HC Deb 31 July 1930 vol 242 cc817-32
Duchess of ATHOLL

I feel it important, inasmuch as there has been no opportunity for discussing the administration of the Board of Education during the past year, to take this opportunity of trying to get rather more detailed and clearer information than has hitherto been given as to the arrangements which the President is making for increasing the supply of trained teachers in the future. I do not approach this question from the point of view of what may be the needs of the country if the school age be raised, because I quite understand that that is not a subject we can discuss to-day, but of the needs of the schools in view of the increasing measures of reorganisation and the steady reduction in the size of the larger classes. Quite obviously, when any expansion of education is in progress the question of prime importance is a supply of efficiently trained teachers, and in the course of the last six or eight months many questions have been addressed to the President from all sides of the House as to the number of additional teachers for whom he has arranged or was in course of arranging. Many answers have been given, and I hope the Parliamentary Secretary will forgive me if I say that the numbers which have been mentioned in the replies have been almost as many as the number of questions put. I feel that the House is entitled to have a clear statement of the number of teachers who are actually now in training additional to the usual supply and the number of teachers who will enter the training colleges next autumn and the following autumn.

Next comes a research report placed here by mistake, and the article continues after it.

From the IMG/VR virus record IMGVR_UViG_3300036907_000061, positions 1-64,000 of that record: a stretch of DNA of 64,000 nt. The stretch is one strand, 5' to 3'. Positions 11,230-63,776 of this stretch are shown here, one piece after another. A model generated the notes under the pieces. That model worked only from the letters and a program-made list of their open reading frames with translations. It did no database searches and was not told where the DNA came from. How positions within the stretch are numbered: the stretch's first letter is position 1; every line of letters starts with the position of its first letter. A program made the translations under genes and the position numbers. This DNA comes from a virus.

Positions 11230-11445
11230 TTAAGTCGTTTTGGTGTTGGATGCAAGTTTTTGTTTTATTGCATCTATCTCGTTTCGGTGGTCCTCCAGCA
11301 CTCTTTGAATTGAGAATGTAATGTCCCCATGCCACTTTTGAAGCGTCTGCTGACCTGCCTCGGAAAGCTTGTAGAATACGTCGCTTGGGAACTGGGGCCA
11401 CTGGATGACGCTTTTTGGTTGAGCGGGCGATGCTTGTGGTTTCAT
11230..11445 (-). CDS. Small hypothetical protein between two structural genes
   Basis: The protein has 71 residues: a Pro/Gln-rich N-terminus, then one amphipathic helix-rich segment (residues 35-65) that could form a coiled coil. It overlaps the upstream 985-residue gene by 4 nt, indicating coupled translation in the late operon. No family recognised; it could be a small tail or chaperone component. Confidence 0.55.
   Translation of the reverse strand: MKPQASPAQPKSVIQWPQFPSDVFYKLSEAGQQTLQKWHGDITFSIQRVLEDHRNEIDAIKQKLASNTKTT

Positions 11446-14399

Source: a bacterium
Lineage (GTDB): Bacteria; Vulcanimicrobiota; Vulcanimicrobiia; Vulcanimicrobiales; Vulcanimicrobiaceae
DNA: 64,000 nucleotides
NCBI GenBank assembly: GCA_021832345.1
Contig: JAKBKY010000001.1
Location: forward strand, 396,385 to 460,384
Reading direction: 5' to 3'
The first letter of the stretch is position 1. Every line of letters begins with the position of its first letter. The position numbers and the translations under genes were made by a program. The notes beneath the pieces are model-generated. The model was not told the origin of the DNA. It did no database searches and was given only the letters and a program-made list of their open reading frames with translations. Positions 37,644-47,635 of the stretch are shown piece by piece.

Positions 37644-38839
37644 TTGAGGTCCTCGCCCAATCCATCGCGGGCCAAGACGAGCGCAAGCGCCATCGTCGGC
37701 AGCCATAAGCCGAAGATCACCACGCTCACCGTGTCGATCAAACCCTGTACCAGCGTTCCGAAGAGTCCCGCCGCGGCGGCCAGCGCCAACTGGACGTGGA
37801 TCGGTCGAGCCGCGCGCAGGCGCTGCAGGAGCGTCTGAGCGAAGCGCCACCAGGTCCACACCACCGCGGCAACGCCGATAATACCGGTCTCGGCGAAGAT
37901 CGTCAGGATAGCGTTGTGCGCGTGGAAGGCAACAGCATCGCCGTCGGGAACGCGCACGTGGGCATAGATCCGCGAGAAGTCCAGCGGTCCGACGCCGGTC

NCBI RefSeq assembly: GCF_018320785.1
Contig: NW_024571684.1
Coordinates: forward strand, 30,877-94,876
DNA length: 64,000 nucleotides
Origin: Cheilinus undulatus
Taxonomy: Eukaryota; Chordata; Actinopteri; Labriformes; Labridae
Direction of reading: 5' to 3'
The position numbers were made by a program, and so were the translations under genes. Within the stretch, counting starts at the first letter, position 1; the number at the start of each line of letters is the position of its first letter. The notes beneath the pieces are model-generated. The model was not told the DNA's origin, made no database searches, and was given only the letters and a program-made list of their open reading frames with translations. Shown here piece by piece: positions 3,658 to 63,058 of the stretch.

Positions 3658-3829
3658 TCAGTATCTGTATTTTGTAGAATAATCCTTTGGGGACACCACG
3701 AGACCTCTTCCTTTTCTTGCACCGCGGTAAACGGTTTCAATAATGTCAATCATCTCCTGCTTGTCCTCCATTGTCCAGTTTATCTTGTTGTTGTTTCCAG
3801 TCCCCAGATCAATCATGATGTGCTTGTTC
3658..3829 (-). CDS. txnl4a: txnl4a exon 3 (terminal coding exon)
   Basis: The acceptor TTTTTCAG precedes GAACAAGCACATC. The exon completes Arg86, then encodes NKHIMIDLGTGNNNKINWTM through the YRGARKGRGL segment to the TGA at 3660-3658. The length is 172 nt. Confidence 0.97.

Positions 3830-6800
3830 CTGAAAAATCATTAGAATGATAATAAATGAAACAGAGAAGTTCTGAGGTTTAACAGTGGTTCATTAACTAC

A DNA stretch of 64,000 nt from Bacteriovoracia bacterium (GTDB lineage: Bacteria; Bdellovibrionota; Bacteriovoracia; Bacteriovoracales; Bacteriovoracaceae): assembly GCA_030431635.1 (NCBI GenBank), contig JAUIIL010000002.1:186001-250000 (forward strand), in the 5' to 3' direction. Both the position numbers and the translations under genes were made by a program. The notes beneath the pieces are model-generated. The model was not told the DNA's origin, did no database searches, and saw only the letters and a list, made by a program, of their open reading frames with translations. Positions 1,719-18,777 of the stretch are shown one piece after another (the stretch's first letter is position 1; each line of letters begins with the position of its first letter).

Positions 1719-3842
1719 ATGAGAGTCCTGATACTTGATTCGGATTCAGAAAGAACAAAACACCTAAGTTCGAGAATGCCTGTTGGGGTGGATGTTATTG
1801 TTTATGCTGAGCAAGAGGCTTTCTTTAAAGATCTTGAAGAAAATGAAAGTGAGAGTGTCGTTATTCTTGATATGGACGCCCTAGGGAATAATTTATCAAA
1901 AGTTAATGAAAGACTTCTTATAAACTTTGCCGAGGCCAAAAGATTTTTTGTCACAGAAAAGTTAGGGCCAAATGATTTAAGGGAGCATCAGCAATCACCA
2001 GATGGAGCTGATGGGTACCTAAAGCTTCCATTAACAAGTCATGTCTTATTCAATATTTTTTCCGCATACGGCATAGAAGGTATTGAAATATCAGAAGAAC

To take, first, those who are actually now in training in the two-year training colleges in addition to the ordinary supply. In November last we were informed that 1,091 teachers additional to the usual supply had entered those colleges. They should finish their training by July, 1931, but not any sooner. On the 26th March another question was put and a reply was given by the President of the Board to the effect that the output of trained teachers in the summer of 1931 was expected to exceed the output for 1930, that is, the normal output of an ordinary year, by about 1,400, and he added that it was not possible to give the numbers for 1932. That is a very considerable difference, that jump from 1,091 to 1,400. An explanation may possibly be that the second figure includes teachers trained in University training departments, but it certainly requires explanation. On 21st May, the Parliamentary Secretary, in reply to a question, alluded to the 1,014 extra students who had been admitted to the training colleges in 1929. That is a drop from the 1,091 students previously mentioned, and seems to indicate rather serious casualties among student teachers; it also requires explanation in relation to the figure of 1,400 given by the President of the Board in March.